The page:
Wednesday, July 25, 2007

Longevity again

I was looking for info on 18th century Milan and stumbled across this in a review of a book.

It's interesting for a number of reasons. Firstly, note that half the women (all women, not just nuns) born between 1700 and 1743 lived to 67 or older. A quarter lived to over 74. Remember that if anyone tries to tell you people were lucky to live to over 35, especially women.

It's also interesting to think that nuns might live longer because of having a community, and it emphasizes the fact that convent life was often chosen in the past as a way of enjoying a long, healthy life.

"Throughout the period she studied, roughly half of the nuns lived to age 70, and a quarter to their late 70s. By contrast, of the Milanese married women born between 1600 and 1649, half died by age 54 and another quarter by age 68. Half of the Milanese women born between 1700 and 1743 died by age 67 and another quarter by age 74. So although the married women's
longevity improved over a century, Brown said, they still died, on average, at younger ages than the nuns.

There is no reason to think that Florentine nuns were unusual among Italian women religious in their longevity, Brown said. At one convent in Venice, for example, the nuns had a mean age at death of around 70, with a third of the nuns living to their late 70s.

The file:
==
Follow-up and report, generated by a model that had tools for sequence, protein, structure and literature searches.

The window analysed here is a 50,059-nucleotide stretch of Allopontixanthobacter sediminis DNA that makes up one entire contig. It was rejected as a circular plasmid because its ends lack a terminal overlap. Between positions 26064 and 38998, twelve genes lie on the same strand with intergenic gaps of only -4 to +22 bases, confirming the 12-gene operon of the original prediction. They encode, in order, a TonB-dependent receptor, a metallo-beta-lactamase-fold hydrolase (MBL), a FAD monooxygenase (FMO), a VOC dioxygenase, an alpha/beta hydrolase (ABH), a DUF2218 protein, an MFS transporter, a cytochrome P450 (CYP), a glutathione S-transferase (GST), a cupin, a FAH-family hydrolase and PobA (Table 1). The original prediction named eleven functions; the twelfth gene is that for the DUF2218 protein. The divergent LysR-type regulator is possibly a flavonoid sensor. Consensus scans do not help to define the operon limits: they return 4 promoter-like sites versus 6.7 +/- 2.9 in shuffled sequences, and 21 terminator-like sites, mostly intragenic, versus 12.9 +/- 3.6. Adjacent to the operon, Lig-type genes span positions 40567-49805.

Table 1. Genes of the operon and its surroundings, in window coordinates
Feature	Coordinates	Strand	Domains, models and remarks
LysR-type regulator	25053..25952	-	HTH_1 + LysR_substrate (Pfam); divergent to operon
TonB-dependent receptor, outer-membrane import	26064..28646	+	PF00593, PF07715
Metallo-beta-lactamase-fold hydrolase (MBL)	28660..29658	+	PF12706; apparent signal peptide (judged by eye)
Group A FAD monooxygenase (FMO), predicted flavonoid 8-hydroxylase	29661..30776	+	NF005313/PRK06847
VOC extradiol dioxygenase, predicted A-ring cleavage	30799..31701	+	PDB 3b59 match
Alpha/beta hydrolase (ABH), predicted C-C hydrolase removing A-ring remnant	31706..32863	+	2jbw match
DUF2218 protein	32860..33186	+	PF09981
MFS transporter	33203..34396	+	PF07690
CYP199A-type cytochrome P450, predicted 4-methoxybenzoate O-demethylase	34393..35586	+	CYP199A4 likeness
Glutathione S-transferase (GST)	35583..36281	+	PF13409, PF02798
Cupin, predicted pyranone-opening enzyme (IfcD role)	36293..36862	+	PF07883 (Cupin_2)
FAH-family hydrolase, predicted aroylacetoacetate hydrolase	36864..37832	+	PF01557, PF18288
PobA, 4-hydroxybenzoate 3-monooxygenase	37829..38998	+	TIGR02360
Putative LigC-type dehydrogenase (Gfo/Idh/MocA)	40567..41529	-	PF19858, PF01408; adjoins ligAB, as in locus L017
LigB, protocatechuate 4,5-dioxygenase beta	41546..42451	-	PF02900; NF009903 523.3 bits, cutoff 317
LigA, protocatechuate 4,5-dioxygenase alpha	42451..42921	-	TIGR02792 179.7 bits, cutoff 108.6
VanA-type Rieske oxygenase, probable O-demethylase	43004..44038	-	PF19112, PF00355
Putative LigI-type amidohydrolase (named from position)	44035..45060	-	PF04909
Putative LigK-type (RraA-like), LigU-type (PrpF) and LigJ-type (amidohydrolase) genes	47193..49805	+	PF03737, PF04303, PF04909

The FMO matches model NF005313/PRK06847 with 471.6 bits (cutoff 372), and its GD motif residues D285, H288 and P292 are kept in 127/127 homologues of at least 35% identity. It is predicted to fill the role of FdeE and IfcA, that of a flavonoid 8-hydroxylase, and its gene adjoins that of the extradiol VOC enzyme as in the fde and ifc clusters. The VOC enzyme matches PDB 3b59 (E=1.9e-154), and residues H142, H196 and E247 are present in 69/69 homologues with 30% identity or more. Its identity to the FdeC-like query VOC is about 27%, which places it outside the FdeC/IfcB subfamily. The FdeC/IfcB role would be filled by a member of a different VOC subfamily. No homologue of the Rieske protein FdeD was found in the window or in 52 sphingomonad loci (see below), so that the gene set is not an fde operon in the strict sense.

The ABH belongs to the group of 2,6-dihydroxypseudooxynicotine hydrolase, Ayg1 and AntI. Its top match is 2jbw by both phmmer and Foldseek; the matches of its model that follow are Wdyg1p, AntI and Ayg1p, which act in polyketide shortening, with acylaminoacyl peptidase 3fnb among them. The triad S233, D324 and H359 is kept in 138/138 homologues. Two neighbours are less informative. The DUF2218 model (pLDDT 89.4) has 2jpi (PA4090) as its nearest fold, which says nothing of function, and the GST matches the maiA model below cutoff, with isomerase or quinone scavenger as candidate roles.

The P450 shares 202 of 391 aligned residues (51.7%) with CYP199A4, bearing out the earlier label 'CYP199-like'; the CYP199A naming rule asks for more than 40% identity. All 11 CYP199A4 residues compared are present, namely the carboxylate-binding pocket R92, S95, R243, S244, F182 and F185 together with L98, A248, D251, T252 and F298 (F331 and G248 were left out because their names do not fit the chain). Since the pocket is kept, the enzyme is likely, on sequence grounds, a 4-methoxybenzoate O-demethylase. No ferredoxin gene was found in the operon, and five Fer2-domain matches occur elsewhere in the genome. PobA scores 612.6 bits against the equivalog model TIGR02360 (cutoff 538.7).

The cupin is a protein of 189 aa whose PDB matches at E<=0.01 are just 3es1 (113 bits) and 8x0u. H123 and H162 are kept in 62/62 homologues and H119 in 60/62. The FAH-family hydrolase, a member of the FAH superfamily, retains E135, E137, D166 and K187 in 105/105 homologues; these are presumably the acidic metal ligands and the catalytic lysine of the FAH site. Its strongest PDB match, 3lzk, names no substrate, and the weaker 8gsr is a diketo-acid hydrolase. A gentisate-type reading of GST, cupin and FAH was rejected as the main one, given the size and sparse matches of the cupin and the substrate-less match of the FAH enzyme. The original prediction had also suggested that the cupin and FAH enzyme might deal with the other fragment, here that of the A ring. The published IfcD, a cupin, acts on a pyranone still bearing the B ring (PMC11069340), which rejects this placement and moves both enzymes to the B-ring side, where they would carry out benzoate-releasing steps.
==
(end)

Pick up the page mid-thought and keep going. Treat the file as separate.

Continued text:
Given the extreme dangers of childbirth before the 20th century, it is not surprising that the mortality rates of nuns would be lower than those of married women during the childbearing years, Brown said. But even among women who survived to the post-menopausal years, the nuns outlived the married women, she said.

It is quite possible, Brown said, that the married women suffered long-term deleterious effects from repeated pregnancies and births. The data on the Milanese women show that those who at age 20 had only one or two children were more likely to survive to all ages than their sisters who had more children. Similarly, Brown said, those who at age 25 had one to three children had a greater probability of surviving to all ages than those women who had more children by that age.

The nuns also lived longer than their male contemporaries, both married men and those in religious communities. "

Jo

2 comments:

ERiCA said...

Wow, that's really intriguing. I think a lot of people have this misconception about how likely it was to see "old" age or what constituted "elderly".

Thanks for the link! =)

Jo B said...

Yes, Erica.

It comes from statistics. Babies and children died a lot in the past so if we average life expectancy, we get something like 35. But if we look at people who survived to 20, we see a life expectancy of closer to 70.

Jo